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Geneva tourist attractions, activities, sightseeing, travel guide.

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Palais des Nations

Palais des Nations

The initial home of the ex League of Nations is the today’s headquarters of the United Nations in Europe, situated on less than two kilometers north of Mont Blanc Bridge. After Versailles this complex of structures is the 2nd largest in Europe. Tours in English language last about one hour. These start from the visitors’ entrance, which is located opposite the Red Cross edifice, and to join the tour, one need only to show his passport. This monumental compound was built between ‘29 and ‘36. The highlight attractions of the tour feature the Assembly Hall, with a balcony made entirely of marble and lofty bays looking out over the Court of Honour. On this tour you’ll be shown also the Council Chamber, the home of the Conference on Disarmament with its murals by José Maria Sert. A Philatelic Museum displays collections of stamps relating to the League of Nations, as well as a large selection of philatelic publications from all over the world, and the League of Nations Museum documents the history of the predecessor to the United Nations.

 

Musée d'Art et d'Histoire
Geneva’s, maybe most important museum, exhibitions feature prehistoric relics, twelfth century armour, Greek vases, medieval stained glass, various Swiss timepieces, Flemish and Italian paintings, and the biggest collection of Egyptian art in the country. The Etruscan pottery and medieval furniture are both of special interest and very impressive. An altarpiece from 1444 by Konrad Witz represents the “miraculous” draft of fishes. Many galleries also display works by many artists, including Picasso, Renoir, Monet, Hodler, Rodin, Vallotton, Chagall, Corot, Pissarro and Le Corbusier.

 

The Baur Collections
This is the Swiss largest collection of Far Eastern art and works. The collections, kept in a nineteenth century mansion with a beautiful garden, constitute a private display of art from China (from between tenth and nineteenth century) and Japan (17th - 20th century). On display are various ceramics, ivories, jade, lacquer, and delicate sword fittings.

 

Patek Philippe Museum

Patek Philippe Museum watch Patek Philippe Museum


Watch-interested swarm here from around the world to see one of the greatest collections of timepieces. There are 2 collections that have permanently exhibition in this museum - the Antiques Collection and the Patek Philippe Collection. Established in 1839, the Patek Philippe Company naturally is one of the most regarded watchmakers world-wide. The Antiques Collection includes a large array of Genevese, Swiss, and various European watches from between sixteenth and nineteenth centuries. Not a small portion of the pieces here are historically significant to the history of horology. An audio-visual, multilingual presentation accompanies the Antiques Collection. The Patek Philippe display showcases the more than one hundred and sixty years that the company has been in that business.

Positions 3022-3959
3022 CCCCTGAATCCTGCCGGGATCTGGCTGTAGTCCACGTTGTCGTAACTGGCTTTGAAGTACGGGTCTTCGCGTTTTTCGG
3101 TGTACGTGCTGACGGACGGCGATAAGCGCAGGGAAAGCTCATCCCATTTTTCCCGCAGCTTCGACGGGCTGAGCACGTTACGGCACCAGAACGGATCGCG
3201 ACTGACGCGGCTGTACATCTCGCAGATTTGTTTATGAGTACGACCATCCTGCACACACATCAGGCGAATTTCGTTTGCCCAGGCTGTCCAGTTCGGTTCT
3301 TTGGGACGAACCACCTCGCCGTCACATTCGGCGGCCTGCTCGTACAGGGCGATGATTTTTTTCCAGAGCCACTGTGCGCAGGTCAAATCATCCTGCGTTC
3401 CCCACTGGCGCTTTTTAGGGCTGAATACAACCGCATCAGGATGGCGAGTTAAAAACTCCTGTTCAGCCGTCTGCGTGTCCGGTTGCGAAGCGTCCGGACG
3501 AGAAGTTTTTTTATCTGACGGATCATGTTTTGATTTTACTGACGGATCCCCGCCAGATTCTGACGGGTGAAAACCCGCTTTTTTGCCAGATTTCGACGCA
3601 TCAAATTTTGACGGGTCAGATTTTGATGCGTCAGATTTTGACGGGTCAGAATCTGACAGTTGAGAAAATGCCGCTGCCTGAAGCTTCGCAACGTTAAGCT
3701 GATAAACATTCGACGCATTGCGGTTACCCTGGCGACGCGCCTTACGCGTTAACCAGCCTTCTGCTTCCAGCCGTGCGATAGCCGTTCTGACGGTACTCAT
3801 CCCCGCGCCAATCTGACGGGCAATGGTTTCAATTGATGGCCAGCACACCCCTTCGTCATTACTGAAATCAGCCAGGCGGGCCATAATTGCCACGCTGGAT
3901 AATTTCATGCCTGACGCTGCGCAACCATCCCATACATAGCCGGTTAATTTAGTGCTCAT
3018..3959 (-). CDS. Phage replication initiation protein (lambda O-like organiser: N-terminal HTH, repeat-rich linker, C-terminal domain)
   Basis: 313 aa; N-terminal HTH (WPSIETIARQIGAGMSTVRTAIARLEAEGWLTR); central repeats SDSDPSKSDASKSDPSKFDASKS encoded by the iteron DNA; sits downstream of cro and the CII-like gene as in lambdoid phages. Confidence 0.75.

Musée International de la Croix-Rouge et du Croissant-Rouge (International Red Cross and Red Crescent Museum)

Geneve Red Cross Red Crescent Museum

Here one can experience the legendary past of the Red Cross in the city where it started, located across from the visitors' entrance to the European headquarters of the United Nations. The dramatic story from starting from 1863 to the nowadays is revealed through exhibitions of rare documents, films, photographs, multi-screen slideshows, and cycloramas. One is taken from the battlefields of the Old Continent to the plains of Africa to see the Red Cross in action. When Henry Dunant established the Red Cross in Geneva in 1863, he needed a recognizable symbol to suggest neutrality - the Swiss flag (a white cross on a red field), with the colours changed with each other ended up providing the excellent symbol for one of the world’s greatest humanitarian movements.

Geneva International Red Cross Red Crescent Museum

 

Musée Barbier-Mueller

No one would expect a middle-class orphan, raised by a governess, to be one of the best art collectors of all time - exactly what Josef Mueller (1887-1977) actually did. By the age of thirty-one, Mueller had 7 works by Cézanne, 5 by Matisse, 5 by Renoir, and an assortment of Picassos and Braques, all of which are on display. However, the real heart of Mueller’s collection are the primitive pieces from tribal Asia, the East Indies, Oceania, Africa, the early Americas and the prehistoric phases of Italy, Greece and Japan. Mueller’s daughter Monique, married another art collector - Jean Paul Barbier, who added his discoveries to that of his father-in-law and together the pair created the current Musée Barbier-Mueller Collection.

Musée Ariana

Musee Ariana Museum

Situated to the west of the Palais des Nations, this Italian Renaissance edifice was erected by Gustave Revilliod, the nineteenth century Genevese patron who initiated the collection. Now it is one of the greatest porcelain, glass, and pottery museums on the Old Continent. In Musée Ariana one will see Meissen porcelain, Sèvres, Delft faïence, as well as pieces from Japan and China. The museum is also housing the headquarters of the International Academy of Ceramics.

 

Maison Tavel

Maison Tavel Geneva

Built in 1303 and later reconstructed after a fire in 1334, this is the oldest house in Geneva. The edifice has seen several transformations over the centuries before opening as a museum in ‘86. The front wall is typical seventeenth century, with gray paint, white joints, and stone sculpted heads. The house contains a courtyard with a staircase, a thirteenth century cellar, and a beautiful back garden. The museum displays historical collections from Geneva dating from the Middle Ages to the middle nineteenth century. The Magnin relief in the attic is exceptional, just as is the copper-and-zinc model of Geneva in 1850, which is accompanied by a light-and-tape commentary. Various objects of daily use are exhibited in the old living quarters and different postcards, books, slides, and guidebooks are available at the bookstand.